The Awaji Puppet Theater Company, the foremost practitioners of a form of Japanese puppetry passed down for the last 500 years on the island of Awaji in Japan, is performing at the World Music Hall this weekend:
Traditionally used in religious and ritual rites of appeasement and blessing, these large-scale, intricately designed and costumed puppets are operated by up to three people and capable of incredibly detailed expressions. They weave ancient tales of love and despair, miracles and misfortune, fate and folly, intrigue and revelation–and of course, ritual suicide. With live chanting and shamisen music accompaniment.
About Awaji Puppet Theater
The Awaji Puppet Theater Company, designated an Intangible Folk Asset by the Japanese government, comes to Wesleyan with a stunning program.
The company performs segments from classical dance pieces including Ebisu-Mai (Dance of the Fisherman God) and Hidaka-gawa Iriaizakura, based on the famous folktale of a lovelorn woman and her transformation into a serpent, as well as an episode from the traditional drama Tsubosaka Reigen-ki about the double suicide of a blind masseuse and his wife, and the divine miracle that brings them back to life. This intricate program highlights the Awaji puppet’s elaborate theater sets and props, and the highly refined mechanisms that manipulate the facial expressions of the puppets.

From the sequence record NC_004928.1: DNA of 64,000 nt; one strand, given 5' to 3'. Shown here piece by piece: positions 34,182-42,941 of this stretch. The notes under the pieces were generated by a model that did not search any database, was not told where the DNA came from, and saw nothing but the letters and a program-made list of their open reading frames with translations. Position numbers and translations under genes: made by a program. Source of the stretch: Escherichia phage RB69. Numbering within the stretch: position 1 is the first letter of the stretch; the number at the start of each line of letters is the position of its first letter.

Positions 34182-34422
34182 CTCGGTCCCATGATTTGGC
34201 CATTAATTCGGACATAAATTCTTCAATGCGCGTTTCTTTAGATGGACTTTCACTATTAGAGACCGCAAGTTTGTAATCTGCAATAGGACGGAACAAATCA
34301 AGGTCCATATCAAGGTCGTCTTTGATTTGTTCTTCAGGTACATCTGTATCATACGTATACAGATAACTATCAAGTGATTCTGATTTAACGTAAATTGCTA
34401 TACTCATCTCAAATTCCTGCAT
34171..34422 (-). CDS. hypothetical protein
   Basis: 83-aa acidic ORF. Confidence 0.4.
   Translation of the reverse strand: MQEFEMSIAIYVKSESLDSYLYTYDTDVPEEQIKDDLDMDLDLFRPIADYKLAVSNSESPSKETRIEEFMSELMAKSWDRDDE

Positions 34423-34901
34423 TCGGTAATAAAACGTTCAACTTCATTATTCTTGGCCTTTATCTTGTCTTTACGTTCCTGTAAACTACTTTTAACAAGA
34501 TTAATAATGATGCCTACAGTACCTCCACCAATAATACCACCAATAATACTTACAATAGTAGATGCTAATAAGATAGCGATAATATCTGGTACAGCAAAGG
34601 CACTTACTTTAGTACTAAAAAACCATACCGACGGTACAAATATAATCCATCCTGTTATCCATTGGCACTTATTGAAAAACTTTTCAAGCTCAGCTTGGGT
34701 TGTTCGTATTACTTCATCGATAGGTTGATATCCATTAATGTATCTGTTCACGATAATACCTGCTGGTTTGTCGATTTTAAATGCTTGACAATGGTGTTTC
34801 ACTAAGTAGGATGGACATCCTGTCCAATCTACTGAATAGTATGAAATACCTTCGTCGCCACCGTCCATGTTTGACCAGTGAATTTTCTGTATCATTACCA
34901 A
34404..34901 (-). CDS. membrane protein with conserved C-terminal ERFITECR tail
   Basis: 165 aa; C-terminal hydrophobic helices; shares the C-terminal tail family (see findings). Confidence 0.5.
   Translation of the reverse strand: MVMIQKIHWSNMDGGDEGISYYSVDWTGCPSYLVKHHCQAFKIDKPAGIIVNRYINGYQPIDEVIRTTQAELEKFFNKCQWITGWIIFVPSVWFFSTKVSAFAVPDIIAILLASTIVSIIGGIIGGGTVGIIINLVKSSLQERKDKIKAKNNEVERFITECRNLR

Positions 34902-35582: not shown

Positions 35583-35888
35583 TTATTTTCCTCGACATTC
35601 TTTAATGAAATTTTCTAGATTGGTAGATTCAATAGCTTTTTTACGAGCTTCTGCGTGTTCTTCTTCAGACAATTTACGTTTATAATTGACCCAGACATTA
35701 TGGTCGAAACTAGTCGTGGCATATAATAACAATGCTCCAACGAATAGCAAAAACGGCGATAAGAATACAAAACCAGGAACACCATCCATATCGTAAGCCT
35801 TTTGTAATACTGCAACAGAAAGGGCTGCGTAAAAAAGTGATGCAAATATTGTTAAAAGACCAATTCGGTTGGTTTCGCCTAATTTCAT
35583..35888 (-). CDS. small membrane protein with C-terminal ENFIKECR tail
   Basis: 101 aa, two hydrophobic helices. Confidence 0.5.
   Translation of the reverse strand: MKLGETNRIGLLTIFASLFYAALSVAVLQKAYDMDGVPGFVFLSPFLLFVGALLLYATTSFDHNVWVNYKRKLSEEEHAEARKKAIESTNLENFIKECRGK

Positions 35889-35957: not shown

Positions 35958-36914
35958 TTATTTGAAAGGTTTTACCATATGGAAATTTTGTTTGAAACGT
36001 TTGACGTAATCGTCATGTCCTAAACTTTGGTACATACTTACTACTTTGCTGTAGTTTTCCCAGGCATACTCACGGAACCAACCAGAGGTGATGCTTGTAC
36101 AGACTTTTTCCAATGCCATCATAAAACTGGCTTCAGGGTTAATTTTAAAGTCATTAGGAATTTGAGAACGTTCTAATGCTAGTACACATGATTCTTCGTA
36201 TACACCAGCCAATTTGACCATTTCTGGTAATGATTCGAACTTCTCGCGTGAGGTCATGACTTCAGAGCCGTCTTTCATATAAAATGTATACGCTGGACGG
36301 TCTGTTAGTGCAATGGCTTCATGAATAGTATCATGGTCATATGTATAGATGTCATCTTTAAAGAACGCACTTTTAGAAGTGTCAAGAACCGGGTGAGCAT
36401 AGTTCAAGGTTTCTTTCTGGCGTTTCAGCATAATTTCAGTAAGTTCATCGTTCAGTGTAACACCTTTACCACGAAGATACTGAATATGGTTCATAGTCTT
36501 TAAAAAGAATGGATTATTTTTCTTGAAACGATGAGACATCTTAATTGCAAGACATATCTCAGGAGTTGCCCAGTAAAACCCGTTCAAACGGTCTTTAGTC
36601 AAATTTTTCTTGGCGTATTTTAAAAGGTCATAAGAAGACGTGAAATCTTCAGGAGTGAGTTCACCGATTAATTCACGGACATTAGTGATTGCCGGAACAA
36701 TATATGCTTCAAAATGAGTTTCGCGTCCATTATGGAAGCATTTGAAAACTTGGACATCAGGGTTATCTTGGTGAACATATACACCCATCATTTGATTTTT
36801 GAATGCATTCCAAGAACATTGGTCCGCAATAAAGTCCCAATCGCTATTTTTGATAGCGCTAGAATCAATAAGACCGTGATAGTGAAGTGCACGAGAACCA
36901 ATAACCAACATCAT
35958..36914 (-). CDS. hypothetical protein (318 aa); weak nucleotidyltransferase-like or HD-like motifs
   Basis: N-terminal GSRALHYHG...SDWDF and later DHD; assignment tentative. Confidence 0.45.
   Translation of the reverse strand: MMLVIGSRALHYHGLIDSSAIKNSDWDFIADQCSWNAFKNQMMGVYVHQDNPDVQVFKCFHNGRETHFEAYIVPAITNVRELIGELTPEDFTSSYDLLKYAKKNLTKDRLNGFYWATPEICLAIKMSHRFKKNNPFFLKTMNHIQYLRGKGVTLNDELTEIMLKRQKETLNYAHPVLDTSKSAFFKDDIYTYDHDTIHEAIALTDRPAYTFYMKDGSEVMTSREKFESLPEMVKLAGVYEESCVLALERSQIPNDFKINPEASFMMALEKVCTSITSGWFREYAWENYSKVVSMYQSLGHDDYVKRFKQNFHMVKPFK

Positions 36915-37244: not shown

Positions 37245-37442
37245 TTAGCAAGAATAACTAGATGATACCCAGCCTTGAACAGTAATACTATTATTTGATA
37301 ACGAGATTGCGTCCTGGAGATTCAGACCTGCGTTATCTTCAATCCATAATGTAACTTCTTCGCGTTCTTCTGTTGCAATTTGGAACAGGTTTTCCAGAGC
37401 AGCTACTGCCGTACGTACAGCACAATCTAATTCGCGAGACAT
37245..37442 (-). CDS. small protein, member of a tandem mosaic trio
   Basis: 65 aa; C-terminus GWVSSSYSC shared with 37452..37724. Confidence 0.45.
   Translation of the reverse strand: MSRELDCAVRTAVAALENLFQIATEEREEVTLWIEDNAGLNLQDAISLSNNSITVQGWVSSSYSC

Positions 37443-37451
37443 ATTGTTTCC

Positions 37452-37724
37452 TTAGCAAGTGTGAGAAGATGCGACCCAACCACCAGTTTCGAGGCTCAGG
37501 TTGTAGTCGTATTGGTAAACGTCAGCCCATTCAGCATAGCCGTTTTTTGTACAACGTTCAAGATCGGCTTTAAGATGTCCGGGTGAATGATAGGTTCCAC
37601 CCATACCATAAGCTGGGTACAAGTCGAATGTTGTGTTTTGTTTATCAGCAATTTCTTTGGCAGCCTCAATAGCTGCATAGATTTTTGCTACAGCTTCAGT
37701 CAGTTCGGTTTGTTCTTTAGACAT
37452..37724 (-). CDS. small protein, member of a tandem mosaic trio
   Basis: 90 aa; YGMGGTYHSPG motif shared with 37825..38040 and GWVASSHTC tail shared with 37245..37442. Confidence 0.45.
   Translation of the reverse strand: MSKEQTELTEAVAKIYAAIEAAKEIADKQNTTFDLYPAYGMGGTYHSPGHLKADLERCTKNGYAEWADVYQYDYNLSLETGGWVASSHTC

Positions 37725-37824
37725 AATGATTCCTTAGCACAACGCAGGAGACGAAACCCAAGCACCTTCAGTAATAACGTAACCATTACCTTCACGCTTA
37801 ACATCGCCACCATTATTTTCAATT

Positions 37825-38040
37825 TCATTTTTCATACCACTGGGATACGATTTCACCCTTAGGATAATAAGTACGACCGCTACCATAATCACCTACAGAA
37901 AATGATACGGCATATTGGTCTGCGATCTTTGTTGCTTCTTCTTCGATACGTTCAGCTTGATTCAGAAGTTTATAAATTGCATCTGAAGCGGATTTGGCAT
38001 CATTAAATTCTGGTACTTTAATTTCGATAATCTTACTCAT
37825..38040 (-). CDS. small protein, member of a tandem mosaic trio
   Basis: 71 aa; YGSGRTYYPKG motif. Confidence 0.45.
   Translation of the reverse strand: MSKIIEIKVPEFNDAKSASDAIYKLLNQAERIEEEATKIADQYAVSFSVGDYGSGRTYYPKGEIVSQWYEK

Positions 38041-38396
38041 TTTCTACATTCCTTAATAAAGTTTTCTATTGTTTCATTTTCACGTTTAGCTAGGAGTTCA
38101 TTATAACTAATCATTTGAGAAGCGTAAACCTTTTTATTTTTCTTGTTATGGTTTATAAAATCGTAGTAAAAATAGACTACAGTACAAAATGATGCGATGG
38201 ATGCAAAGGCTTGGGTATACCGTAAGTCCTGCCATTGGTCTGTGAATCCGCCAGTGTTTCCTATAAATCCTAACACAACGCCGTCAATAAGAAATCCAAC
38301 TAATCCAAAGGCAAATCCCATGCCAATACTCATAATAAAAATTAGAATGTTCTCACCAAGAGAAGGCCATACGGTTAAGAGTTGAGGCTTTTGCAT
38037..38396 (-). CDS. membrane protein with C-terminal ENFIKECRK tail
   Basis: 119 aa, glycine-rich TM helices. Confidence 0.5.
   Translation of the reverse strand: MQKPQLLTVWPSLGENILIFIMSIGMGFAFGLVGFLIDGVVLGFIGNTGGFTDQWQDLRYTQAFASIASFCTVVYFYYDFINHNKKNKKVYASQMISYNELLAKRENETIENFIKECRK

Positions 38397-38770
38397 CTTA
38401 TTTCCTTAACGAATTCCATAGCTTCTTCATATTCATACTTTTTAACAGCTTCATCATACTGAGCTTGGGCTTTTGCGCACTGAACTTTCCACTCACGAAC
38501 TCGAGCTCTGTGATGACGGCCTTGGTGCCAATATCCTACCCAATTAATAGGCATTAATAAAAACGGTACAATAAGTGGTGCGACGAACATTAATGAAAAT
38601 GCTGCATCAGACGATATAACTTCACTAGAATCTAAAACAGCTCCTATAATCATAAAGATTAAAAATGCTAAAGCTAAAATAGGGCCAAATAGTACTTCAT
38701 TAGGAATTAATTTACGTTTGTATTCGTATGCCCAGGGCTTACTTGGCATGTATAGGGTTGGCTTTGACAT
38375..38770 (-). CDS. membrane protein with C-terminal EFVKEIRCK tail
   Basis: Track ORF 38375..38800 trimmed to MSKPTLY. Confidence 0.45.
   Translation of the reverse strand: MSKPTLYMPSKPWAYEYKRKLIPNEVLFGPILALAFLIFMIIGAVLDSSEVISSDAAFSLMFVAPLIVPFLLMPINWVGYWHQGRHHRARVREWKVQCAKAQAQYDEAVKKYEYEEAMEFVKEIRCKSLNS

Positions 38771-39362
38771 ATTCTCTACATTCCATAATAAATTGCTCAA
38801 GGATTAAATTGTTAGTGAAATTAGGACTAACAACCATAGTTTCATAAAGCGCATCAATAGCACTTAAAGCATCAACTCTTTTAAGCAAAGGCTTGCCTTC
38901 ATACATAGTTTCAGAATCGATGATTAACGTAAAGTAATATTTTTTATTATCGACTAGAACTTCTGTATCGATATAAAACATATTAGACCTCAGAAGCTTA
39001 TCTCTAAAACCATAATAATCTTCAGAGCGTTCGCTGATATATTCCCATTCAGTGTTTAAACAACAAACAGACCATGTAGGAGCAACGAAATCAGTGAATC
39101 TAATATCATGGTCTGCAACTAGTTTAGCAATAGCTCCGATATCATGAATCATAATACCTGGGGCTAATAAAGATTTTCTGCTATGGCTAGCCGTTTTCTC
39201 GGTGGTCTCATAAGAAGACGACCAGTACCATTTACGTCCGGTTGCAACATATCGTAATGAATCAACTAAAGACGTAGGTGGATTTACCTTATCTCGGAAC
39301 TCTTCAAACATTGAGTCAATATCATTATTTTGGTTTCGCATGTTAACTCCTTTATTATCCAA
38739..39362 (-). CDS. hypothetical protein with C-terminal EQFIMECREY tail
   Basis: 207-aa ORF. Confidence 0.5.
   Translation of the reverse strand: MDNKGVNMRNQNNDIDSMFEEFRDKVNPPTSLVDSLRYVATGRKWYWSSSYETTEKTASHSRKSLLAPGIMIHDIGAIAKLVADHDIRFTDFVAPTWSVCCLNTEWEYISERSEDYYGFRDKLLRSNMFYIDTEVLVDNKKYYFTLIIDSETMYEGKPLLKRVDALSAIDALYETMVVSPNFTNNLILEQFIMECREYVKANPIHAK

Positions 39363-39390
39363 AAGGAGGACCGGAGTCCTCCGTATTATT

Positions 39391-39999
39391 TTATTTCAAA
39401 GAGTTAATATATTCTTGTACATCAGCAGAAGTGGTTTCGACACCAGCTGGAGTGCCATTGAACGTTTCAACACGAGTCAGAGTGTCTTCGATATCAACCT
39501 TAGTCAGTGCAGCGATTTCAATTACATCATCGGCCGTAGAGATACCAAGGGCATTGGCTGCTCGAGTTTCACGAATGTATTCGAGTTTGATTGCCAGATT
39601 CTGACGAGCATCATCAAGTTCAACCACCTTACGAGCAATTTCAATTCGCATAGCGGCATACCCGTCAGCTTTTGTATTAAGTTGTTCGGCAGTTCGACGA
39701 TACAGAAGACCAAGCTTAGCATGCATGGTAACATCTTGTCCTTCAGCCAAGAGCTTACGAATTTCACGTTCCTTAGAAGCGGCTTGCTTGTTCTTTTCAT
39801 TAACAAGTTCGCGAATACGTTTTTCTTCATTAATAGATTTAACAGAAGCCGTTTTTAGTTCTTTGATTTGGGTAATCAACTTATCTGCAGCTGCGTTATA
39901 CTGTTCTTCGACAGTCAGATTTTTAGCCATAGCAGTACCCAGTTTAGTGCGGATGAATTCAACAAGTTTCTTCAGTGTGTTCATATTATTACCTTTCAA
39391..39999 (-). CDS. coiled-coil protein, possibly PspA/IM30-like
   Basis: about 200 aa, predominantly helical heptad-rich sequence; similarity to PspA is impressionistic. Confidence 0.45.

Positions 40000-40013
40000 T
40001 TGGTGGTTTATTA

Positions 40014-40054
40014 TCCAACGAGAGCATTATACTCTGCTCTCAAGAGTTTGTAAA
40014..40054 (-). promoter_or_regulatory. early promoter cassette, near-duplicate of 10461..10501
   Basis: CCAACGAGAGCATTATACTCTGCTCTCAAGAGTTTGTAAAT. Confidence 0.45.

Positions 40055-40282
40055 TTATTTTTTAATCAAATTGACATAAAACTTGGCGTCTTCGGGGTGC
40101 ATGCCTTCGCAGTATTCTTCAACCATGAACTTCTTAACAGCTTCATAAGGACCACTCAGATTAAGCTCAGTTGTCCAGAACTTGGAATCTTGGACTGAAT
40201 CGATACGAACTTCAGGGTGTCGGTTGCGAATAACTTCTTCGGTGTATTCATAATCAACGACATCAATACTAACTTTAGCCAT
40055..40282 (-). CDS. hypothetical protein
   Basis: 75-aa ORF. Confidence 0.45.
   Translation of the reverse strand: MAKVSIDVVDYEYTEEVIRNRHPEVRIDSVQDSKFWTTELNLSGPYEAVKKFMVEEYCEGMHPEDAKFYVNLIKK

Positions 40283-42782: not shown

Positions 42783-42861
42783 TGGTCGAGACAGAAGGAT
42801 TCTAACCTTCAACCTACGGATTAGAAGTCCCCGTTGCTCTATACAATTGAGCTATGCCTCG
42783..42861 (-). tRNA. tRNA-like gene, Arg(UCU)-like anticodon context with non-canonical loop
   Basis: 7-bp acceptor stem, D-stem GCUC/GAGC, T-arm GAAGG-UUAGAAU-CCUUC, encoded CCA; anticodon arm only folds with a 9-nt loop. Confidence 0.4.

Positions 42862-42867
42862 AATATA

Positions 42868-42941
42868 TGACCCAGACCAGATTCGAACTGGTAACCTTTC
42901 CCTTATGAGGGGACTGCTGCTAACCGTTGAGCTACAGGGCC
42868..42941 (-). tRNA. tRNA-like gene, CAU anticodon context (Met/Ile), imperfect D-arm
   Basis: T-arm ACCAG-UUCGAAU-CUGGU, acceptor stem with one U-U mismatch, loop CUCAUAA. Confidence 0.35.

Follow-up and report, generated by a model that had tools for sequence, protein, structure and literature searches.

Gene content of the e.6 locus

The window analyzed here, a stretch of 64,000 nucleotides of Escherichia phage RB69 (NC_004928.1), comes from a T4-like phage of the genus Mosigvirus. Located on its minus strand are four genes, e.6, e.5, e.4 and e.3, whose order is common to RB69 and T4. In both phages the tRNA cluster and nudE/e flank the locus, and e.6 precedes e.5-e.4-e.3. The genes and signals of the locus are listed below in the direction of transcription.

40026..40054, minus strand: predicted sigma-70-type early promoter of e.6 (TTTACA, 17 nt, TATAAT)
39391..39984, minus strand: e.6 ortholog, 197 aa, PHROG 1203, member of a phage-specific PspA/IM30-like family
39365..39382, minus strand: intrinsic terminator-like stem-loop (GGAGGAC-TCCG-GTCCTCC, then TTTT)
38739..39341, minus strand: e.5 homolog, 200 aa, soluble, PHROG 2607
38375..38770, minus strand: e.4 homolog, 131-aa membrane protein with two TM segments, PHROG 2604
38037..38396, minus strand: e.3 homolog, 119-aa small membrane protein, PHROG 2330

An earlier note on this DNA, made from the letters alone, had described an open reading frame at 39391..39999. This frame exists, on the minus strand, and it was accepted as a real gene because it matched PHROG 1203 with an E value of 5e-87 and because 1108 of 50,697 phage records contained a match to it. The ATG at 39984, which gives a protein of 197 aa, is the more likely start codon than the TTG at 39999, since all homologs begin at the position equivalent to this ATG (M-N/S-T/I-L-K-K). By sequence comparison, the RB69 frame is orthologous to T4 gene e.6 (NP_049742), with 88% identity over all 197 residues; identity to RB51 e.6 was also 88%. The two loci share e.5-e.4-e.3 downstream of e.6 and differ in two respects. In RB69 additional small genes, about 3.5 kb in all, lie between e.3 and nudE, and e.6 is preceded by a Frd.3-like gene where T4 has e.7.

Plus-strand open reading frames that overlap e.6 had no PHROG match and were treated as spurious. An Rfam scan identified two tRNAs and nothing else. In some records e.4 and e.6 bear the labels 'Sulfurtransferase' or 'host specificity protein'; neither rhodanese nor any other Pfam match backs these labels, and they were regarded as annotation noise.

Awaji Puppet Theater stops at Wesleyan on a North American tour sponsored by the New York-based Japan Society.
Date: Saturday and Sunday, February 21st and 22nd
Time: 8 pm
Place: World Music Hall
$18 general, $15 for students, $8 for Wesleyan students